Saltwater Soundwalk is a podcast that takes listeners on a journey from Gas Works Park along the Burke Gilman trail to the entrance of the Ship Canal at the Fremont Bridge and explores the people, land, and waterways that define Seattle. Artists Jenny Asarnow and Rachel Lam (Anigiduwagi enrolled Cherokee Nation) created Saltwater Soundwalk as a site-specific audio experience that explores our relationships and responsibilities towards the Salish Sea and connecting waters, centering on Indigenous Coast Salish voices and language.
The audio experience includes a 50-minute-long walk and 12 one-to-three-minute shorts, which can be listened to on-site or anywhere in the world. Individuals featured include Ken Workman (Duwamish), Warren King George (Muckleshoot), Michelle Myles (Tulalip), Archie Cantrell (Puyallup), LaDean Johnson (Skokomish), Owen Oliver (Quinault / Isleta Pueblo), Lydia Sigo (Suquamish), Randi Purser (Suquamish), RYAN! Feddersen (FLOW artist, Confederated Tribes of the Colville – Okanogan / Arrow Lakes), and Eric Autry (Seattle Public Utilities). The podcast is available on Soundcloud, and all podcast applications.
“Artists Jenny Asarnow and Rachel Lam curate centuries of melodic legacy to change and challenge our expectations of our environment and history through these multi-dimensional experiences. They capture our sharpened emotions and share them back to each of us for known and unknown purposes. Their authentic listening is unapologetic in its monumental appreciation and respect. The resulting polyphonic music of unforgiving life lyrics is everywhere for everyone.”royal alley-barnes, Interim Director Seattle Office of Arts & Culture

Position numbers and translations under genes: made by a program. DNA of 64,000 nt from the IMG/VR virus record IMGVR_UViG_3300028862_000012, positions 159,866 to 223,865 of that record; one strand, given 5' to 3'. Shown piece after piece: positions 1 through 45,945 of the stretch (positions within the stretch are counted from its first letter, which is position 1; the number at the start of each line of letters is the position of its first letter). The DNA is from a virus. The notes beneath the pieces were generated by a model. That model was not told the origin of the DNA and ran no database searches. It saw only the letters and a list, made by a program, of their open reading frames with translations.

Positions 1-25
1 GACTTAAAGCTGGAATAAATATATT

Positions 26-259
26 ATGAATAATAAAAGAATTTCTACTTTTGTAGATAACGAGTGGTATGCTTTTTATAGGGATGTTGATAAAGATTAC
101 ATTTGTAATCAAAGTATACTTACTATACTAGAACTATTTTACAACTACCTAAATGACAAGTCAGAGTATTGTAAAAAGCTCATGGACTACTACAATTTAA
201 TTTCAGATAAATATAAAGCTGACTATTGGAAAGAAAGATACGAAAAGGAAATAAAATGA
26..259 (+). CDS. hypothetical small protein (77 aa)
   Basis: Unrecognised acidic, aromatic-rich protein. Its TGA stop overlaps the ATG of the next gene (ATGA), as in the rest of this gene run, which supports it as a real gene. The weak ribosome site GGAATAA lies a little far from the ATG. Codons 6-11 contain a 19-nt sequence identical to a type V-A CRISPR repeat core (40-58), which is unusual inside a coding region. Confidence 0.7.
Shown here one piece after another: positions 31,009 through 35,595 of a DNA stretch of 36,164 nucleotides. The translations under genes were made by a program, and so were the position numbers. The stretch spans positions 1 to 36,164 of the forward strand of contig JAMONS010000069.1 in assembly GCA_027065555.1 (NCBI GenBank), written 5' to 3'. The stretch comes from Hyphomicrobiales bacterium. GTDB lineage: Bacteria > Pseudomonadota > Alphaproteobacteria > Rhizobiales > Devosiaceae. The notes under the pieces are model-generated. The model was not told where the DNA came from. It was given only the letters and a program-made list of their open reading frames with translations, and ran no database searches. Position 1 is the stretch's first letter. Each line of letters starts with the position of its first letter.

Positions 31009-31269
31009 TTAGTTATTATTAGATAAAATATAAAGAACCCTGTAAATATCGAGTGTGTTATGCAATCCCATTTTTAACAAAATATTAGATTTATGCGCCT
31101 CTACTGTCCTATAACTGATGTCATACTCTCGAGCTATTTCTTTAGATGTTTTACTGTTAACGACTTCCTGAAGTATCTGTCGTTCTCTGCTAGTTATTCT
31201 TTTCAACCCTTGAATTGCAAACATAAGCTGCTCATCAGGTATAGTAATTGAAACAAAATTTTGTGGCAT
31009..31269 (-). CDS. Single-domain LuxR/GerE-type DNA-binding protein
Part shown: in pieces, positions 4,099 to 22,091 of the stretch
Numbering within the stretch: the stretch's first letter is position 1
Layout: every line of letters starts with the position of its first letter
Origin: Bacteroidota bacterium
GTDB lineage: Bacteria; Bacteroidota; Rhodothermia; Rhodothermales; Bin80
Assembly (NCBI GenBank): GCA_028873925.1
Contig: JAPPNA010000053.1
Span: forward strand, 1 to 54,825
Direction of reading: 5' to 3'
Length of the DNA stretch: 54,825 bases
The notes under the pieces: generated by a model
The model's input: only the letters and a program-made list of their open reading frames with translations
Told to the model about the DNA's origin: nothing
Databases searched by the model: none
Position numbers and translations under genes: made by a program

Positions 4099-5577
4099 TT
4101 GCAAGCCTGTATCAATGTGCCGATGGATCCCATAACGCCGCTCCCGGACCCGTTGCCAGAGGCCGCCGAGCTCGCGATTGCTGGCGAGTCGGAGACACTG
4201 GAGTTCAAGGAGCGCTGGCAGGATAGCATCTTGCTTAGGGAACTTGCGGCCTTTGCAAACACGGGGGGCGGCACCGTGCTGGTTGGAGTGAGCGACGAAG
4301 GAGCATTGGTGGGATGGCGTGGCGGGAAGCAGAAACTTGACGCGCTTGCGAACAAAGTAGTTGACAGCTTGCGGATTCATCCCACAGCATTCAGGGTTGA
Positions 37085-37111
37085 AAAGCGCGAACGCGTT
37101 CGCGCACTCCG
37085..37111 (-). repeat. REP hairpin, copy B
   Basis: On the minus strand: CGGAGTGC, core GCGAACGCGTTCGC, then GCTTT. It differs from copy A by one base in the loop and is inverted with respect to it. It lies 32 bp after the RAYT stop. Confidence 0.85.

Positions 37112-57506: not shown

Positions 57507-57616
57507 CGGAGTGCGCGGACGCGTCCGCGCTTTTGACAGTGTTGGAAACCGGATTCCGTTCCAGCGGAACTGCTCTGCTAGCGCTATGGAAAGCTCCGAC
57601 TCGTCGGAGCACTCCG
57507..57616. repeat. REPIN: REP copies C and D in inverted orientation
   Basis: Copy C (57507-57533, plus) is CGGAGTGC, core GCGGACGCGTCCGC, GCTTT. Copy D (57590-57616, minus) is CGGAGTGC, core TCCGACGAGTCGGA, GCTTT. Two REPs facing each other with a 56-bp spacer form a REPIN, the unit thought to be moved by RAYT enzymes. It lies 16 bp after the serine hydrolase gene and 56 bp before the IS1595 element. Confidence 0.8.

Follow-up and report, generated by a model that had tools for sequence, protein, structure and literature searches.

The podcast is a rhythmic audio experience connecting streams of stories as they ebb and flow, intermixing English with Coast Salish languages. Listeners can learn where the traditional fishing ground “Hit the Water” is located in Seattle. The podcast also explores the traditional Tulalip names of local places, the colonial history of Seattle, and the construction of the Ship Canal. The audio narrative also highlights Indigenous rights, responsibilities, and cultural preservation that are essential to healing these waters, our relationship to them and to each other.
In addition, the podcast includes narratives from public artists and a Seattle Public Utilities manager about how we all impact our living waterways. It provides a unique opportunity to experience how we all connect to the Salish Sea area and is a step towards creating healthier human relationships with this changing ecosystem.
Saltwater Soundwalk is a component of FLOW: Art Along the Ship Canal, an art project that commissions artists to showcase their unique voice and provide connections between the people, neighborhoods, and infrastructure that supports the city and its residents and is funded through Seattle Public Utilities Ship Canal Water Quality Project. Seattle Public Utilities and King County Wastewater Treatment Division are building an underground storage tunnel to significantly reduce the amount of polluted stormwater (from rain) and sewage that flows into the Lake Washington Ship Canal, Salmon Bay, and Lake Union from our sewer system.
The Seattle Office of Art & Culture’s 1% for Public Art program is funded through 1% of eligible city capital improvement projects across Seattle. Its staff works to commission, purchase, and install public artworks in a variety of settings. By providing opportunities for individuals to encounter art in parks, libraries, community centers, on roadways, bridges, and other public venues, we simultaneously enrich citizens’ daily lives and give voice to artists. By providing opportunities for individuals to encounter art in parks, libraries, community centers, on roadways, bridges, and other public venues, we simultaneously enrich citizens’ daily lives and give voice to artists.
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